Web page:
The reasons I hear most are: hours, pay, accountability. They want to transfer to the back office for greater pay, regular hours, and little accountability.

And I have personal insights because I was once a branch manager. Granted in the mid 90's. But still. Then as now, it was a stepping stone for me. No intention of remaining in the branch. The pay wasn't enough. And it was organizationally a thankless position. No thank you. 

Has it changed?

But I propose it should. Because what I hear in community bank strategy sessions, the branch is an important if not critical portion to an enduring future. Why? That one-on-one relationship can't easily be replicated by technology, a bot, or a phone call (when not accompanied by an in-person relationship). 

Survey after survey continues to show that a local branch is important for customers or would-be customers, no matter the age. 

Yet we're blowing it. 

We continue to make the branch a waypoint for our most promising employees. So here is what I propose:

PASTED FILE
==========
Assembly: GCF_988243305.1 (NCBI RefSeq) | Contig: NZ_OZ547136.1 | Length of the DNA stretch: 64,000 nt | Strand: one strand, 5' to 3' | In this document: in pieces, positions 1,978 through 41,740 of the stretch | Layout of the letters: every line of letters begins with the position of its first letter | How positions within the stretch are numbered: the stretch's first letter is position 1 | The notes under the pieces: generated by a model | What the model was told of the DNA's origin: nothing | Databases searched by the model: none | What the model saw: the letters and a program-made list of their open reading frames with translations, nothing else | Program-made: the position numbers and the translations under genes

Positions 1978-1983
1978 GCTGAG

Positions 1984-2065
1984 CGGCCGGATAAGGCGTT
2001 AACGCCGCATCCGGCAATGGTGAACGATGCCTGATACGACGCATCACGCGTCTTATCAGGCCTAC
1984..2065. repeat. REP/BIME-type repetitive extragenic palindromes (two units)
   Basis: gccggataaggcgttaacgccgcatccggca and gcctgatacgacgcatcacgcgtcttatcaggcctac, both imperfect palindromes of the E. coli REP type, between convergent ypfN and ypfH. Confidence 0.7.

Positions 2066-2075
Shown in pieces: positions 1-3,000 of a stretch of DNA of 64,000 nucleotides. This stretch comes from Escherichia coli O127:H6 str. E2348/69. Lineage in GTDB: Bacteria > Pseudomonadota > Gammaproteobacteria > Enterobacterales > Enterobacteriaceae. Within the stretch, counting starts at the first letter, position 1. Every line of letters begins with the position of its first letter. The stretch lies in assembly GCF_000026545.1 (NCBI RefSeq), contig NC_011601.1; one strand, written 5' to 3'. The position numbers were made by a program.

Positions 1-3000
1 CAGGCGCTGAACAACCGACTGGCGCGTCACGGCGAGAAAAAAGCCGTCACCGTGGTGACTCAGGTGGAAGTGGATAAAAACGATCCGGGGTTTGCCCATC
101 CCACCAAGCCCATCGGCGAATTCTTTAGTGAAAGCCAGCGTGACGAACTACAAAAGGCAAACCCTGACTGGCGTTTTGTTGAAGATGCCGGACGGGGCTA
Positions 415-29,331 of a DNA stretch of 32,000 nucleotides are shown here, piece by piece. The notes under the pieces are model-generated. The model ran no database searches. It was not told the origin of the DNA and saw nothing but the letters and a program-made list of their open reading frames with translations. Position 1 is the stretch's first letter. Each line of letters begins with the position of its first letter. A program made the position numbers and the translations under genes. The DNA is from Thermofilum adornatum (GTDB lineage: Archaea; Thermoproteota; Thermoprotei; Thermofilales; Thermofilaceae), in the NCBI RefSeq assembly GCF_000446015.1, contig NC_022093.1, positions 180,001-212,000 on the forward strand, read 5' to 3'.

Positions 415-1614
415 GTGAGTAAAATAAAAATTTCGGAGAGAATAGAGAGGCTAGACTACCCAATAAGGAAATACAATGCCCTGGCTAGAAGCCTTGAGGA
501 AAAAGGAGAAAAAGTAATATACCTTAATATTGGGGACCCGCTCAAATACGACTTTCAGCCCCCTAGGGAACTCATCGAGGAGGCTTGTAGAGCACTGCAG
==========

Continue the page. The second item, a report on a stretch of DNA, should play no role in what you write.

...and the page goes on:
1. Increase the pay- At least two branch employees should earn household breadwinning pay. Right now, the way we pay branch managers, either they are supplementing family income or are young without the outsized financial responsibilities of supporting a home and family. We think increasing teller pay, in the face of rising wages led by larger banks, is enough. It's not. It's branch leadership that needs to earn breadwinning pay. This may increase compensation expense in branches. According to my firm's profitability database where we measure hundreds of community bank branches, each branch generated 2.19% in total revenue as a percent of deposits (spread plus fees). And the median branch deposit size was $61 million. To cover the extra costs, that $61 million branch would have to be $65 million. Would greater talent with the ability to deliver on what people want a branch for in today's environment get you there? I think so. And then some.